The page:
Tuesday, August 10, 2010

The good bad news

Today's "good bad news":

The psychiatrist finally returned our phone calls. Sarah spoke with him and said he sounds good, was respectful, took our concerns seriously, and said that he is absolutely not discharging Big Guy this week and without any med changes, contrary to what the social worker had told us yesterday. He thinks Big Guy will probably come home towards the end of next week. This makes me really sad because I miss him and don't want him to have to be away from us for that long. But it is also a HUGE relief because the idea of them sending him back home with nothing having changed whatsoever was terrifying, and I couldn't believe they weren't taking seriously our concerns about his depression (which he's not being treated for currently), his dissociation, etc. Sounds like they are now taking those concerns more seriously, and they do indeed plan to start med changes today or tomorrow. Some of what happened yesterday was likely miscommunication - Social workers are often not filled in by psychiatrists on what their plans are. But some of it may also be the additional info we provided the social worker yesterday about the abuse history that Big Guy has been talking about increasingly, the dissociative-seeming episodes he has after some of his meltdowns, etc.

I'm sad Big Guy will be in the hospital for so long, but I'm glad there's some hope that some change can happen while he's there. In particular, they'll have time to see if med changes make any difference for him. Explaining to him each time we visit why he's not home yet despite his good behavior is going to be hard.

Monday, August 9, 2010


Compounding my frustration with the psych hospitalization seeming like a totally pointless waste of time, is today's interactions with "Patty", Big Guy's birth mom. She was at the meeting with the social worker at the psych hospital. She brought Little Guy (her other son, our former foster baby) and it was really nice to see him and make him laugh. We were warm and friendly to her, as usual. But I wanted to throttle her when we were informing the social worker about the fact that Big Guy been talking a lot about physical abuse he'd experienced at the hands of another family member... and the first thing she asked was "did he say if I was there when it happened?" Um, yes he did. He said you were there and you were laughing while she beat him. Seriously, you care more about whether you were implicated than knowing what happened and how it's affected him?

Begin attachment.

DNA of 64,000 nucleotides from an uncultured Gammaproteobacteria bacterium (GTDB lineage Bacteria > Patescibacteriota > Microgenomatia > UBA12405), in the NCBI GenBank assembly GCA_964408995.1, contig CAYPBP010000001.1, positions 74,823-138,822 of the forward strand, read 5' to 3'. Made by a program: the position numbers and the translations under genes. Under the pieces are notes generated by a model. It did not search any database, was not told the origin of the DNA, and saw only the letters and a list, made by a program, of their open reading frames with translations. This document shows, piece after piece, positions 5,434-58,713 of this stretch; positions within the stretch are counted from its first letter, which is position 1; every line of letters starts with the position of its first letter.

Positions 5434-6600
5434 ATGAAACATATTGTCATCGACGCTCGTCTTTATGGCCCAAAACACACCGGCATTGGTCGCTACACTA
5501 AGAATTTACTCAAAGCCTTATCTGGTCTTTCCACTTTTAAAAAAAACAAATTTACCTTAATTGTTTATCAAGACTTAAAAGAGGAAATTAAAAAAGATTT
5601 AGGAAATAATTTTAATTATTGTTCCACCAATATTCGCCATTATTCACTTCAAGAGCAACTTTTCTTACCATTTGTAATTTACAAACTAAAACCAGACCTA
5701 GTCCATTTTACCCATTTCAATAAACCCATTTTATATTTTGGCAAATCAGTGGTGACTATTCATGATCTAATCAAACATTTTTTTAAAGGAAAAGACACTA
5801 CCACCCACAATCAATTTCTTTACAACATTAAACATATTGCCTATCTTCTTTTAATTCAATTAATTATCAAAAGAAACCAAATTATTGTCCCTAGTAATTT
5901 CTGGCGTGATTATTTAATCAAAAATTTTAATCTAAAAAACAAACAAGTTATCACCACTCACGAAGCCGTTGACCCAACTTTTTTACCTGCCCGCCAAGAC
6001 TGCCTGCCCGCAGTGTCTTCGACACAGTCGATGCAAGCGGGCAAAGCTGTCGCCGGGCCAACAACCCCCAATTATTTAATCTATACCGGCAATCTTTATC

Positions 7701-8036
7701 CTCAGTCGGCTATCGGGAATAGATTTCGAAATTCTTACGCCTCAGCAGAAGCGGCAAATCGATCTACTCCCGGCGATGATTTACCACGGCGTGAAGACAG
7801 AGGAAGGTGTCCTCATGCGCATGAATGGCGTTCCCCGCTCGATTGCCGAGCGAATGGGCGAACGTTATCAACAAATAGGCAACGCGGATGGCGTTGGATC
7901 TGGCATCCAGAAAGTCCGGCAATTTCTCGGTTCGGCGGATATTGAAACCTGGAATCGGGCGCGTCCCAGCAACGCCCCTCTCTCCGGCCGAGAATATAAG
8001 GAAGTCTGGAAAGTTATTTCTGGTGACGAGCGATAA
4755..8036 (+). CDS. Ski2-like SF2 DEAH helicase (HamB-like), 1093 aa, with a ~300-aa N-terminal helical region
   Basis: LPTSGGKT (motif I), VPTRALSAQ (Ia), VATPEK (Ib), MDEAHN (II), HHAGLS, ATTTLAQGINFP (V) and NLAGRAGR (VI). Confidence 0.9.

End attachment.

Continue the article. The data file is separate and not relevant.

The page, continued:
I am struggling with my patience with her. I have generally had a lot of empathy for her and wanted to support her in any way we can. We got into foster parenting hoping we'd have the opportunity to mentor birth parents to help them attain reunification (though CPS has gotten in the way of this at every turn.) We believe strongly in supporting reunification and helping first families/birth families get the help they need to be able to parent, yet since all the abuse stuff has come out, I'm finding myself feeling less patience for her cluelessness, her bad judgment, and the way she's more concerned about whether Big Guy's mad at her than dealing with what she did wrong that led to her no longer being able to parent him.

Patty is sweet, and she loves Big Guy. But not only is she unable to parent Big Guy, I'm also starting to doubt that she could ever parent him no matter what support is provided to her, and I'm worrying increasingly about whether she can keep Little Guy, her baby, physically and emotionally safe. Her judgment is so poor and due to her cognitive disabilities and mental illness, it's unlikely to change significantly. I would love to see her get parenting services that are available for people with developmental disabilities (DD) but because she didn't get DD services when she was young, she's not eligible for them. She's gotten more services than CPS has ever provided, though... all to keep the family intact and avoid having to remove the children. Now that she's lost her older son (she called CPS to take him) the court isn't even sure what services are left to give her. She's had intensive parenting training and so much more, and is unable to assimilate the information. It's so frustrating. I want her to have the best possible chance to parent her kids, and she is compliant with showing up to classes and appointments... but is unable to process any of the information in a meaningful way.

I could tell many more stories about the things she said today, but I won't. I really am trying to access my empathy for her. I can totally understand why she couldn't handle Big Guy's outbursts - We barely can, and there are two of us with above-average intelligence and more family support than she has. But I still feel so angry that she stood by and let him be hurt by her sister.


Big Guy is still in the psych hospital. We made peace with our decision once we saw that the unit is really quite fine and the staff is really nice, and though Big Guy refused to see us the first time we visited (he was really angry), he's seen us each subsequent time and seems to be doing well. Yesterday he said "it's fun here." Um, psych hospital FAIL. It's not supposed to be fun, buddy! But I'm glad he's not miserable, I certainly don't want him to be suffering.